On the ground, Condit's jiu-jitsu doesn't get the raves that Diaz' does, but it's every bit as good in a purely MMA sense. He has great defensive grappling, a very tough guard to pass, and physically he might be just a tad stronger than Diaz, especially if he's on top. Condit should look to force tie-ups and grappling whenever possible, especially if hitting a takedown late in a round can help sway the judges his way in what is sure to be a close, five-round war.
If Diaz has one weakness standing, it might be in the Muay Thai discipline. While his striking from distance and mid-level pocket range is laser-sharp and accurate, he tends to be a bit lazy in clinches and can be nailed by a good Muay Thai stylist, which Condit is. Carlos' knees and kicks from the distance will have to be outstanding, because Diaz's hands and standing work rate are too much for just about anyone that faces him.
Much of this fight will be decided by how Condit wants to engage. Part of the Diaz con job is opponents thinking they can stand with him as though to prove a point, and a couple minutes later you're getting your bell rung every few seconds and look like a man fighting underwater.
If Condit uses big kicks, movement and tie-ups to keep Diaz from getting into his potent standup groove, he should follow them with takedowns and riding Diaz from the top while scoring enough to avoid a ref restart. This is a pretty good prescription to win a fight given his skills, as Diaz will have a tough time submitting him.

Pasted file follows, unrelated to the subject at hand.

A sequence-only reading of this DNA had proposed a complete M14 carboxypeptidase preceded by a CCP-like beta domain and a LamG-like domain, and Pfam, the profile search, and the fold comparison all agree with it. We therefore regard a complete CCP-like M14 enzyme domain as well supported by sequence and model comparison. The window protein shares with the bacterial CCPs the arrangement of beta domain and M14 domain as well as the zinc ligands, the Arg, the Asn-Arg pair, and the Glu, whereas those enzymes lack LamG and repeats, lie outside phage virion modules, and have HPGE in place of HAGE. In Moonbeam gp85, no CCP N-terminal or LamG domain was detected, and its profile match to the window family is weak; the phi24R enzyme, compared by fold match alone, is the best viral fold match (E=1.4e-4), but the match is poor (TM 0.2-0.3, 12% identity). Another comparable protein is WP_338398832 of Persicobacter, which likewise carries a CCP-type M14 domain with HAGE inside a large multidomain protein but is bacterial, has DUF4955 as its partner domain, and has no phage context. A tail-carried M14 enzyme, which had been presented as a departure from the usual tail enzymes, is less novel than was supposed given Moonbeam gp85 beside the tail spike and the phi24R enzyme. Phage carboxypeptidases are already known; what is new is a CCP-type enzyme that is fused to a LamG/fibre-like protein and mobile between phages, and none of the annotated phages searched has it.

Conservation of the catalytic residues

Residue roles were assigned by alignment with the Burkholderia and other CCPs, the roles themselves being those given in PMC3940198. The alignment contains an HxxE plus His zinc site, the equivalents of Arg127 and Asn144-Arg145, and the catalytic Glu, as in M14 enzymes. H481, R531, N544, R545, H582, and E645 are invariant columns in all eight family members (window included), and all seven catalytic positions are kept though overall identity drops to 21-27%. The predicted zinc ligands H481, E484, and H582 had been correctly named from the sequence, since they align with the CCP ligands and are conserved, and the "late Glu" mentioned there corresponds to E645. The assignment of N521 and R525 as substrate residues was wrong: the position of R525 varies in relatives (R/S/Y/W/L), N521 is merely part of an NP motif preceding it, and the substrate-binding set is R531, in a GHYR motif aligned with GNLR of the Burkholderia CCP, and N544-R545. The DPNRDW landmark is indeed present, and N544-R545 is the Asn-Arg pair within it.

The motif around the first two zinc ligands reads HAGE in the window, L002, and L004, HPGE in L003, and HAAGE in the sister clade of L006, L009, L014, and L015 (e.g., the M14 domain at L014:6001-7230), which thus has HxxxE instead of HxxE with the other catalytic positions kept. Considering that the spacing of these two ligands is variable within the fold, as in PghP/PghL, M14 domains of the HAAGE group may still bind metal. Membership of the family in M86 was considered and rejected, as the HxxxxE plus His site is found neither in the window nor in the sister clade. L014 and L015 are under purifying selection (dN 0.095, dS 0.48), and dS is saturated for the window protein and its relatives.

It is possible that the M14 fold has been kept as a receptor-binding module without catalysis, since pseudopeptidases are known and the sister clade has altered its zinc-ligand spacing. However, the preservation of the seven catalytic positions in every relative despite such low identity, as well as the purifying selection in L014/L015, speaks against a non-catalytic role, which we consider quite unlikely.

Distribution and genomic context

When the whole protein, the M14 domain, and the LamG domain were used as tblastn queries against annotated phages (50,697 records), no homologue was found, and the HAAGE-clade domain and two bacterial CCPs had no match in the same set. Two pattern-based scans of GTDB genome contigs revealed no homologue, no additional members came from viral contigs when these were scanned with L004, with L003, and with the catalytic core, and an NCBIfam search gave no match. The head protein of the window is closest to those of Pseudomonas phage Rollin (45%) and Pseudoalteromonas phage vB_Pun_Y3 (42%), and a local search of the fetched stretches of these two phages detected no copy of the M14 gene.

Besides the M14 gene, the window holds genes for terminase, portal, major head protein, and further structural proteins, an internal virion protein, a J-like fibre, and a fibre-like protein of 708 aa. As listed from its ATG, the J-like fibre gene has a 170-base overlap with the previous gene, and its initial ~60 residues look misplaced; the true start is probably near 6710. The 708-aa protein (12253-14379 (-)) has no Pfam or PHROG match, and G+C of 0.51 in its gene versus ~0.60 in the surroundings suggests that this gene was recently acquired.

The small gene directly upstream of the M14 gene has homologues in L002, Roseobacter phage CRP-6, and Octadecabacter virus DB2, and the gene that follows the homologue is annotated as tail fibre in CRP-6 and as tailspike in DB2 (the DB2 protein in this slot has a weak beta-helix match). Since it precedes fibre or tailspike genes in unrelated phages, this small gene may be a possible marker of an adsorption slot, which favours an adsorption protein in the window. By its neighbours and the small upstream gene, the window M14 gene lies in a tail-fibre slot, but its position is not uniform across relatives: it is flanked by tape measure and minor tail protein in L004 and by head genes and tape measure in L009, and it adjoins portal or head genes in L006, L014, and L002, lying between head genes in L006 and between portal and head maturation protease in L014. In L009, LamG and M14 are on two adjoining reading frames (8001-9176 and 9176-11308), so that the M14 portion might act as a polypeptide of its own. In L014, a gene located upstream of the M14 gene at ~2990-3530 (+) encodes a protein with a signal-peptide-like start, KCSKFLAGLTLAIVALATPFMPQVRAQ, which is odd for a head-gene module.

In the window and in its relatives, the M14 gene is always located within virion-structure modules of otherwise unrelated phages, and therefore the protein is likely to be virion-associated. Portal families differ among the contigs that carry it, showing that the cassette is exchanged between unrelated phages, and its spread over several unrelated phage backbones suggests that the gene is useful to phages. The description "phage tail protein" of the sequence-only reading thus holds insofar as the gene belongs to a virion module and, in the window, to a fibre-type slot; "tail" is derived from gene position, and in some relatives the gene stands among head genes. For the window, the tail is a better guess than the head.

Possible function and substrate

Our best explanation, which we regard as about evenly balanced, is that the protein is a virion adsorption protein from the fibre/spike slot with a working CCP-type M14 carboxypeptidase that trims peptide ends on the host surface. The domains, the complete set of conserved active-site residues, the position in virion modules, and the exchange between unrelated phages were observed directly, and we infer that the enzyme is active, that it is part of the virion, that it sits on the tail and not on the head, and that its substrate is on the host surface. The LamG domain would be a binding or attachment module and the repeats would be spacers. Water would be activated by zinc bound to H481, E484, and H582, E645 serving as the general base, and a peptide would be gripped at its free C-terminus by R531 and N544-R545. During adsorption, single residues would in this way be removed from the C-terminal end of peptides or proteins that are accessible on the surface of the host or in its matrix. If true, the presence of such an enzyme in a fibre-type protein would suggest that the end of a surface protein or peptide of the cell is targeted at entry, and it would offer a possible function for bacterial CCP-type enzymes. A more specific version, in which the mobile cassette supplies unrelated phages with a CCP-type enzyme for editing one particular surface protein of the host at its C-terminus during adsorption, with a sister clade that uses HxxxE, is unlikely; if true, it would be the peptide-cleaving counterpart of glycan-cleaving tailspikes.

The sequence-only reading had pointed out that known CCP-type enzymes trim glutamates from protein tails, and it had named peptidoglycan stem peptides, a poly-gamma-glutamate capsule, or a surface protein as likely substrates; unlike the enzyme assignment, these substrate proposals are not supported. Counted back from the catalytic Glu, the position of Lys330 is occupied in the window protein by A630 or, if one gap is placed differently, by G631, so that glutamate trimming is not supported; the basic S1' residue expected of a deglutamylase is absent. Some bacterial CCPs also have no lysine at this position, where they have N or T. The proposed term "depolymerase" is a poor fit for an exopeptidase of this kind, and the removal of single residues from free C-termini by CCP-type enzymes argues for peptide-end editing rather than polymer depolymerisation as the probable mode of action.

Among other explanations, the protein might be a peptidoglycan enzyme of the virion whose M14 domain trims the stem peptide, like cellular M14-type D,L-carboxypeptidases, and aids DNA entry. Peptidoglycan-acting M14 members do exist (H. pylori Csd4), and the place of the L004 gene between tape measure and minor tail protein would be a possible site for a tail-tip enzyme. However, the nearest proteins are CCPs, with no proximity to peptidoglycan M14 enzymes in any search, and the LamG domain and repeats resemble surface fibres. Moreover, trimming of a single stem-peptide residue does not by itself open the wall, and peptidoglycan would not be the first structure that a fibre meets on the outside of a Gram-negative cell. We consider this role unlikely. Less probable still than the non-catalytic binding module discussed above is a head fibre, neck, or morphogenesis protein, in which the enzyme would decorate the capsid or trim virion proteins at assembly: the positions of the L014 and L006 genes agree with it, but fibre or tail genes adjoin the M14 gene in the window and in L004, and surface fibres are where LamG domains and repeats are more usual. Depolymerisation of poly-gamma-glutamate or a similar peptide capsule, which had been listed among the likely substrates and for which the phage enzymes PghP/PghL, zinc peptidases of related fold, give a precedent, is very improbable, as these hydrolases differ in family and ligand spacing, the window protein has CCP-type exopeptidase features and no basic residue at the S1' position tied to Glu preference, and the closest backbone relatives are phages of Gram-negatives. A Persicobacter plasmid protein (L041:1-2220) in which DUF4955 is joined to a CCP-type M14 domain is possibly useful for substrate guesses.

However, there's something in Condit's makeup that makes him a pitbull-style fighter, and he's never shied away from a mutual chin-check, something Diaz will be forcing whenever they are on the feet. I think Condit gets sucked into a war here, and like Donald Cerrone learned against Nate Diaz, loses too much, too early to really recover his bearings and change the tempo of the fight.
Diaz will score readily on the feet and eat some big shots from Condit, and keep pressing ahead. By the middle of the fight, the weary Condit will look to take it to the ground, but Diaz will stymie him from his back enough to get restarts when needed, or work his way back up. Both will be bloodied and battered down the stretch, but Diaz will simply prove too much with his high-output style, punishing Condit to win a spectacularly entertaining and clear-cut unanimous decision.
Diaz via unanimous decision
Be sure to join MMAmania.com this evening for LIVE, detailed UFC 143 results of all the "Diaz vs. Condit" pay-per-view (PPV) action. It will include blow-by-blow coverage of the Facebook video stream, FX "Prelims" bouts, and of course, the PPV broadcast. We'll start RIGHT HERE at around 7:00 p.m. ET and carry straight on through early Saturday morning.
See you later!
Jason Probst can be reached at twitter.com/jasonprobst or Jason@jasonprobst.com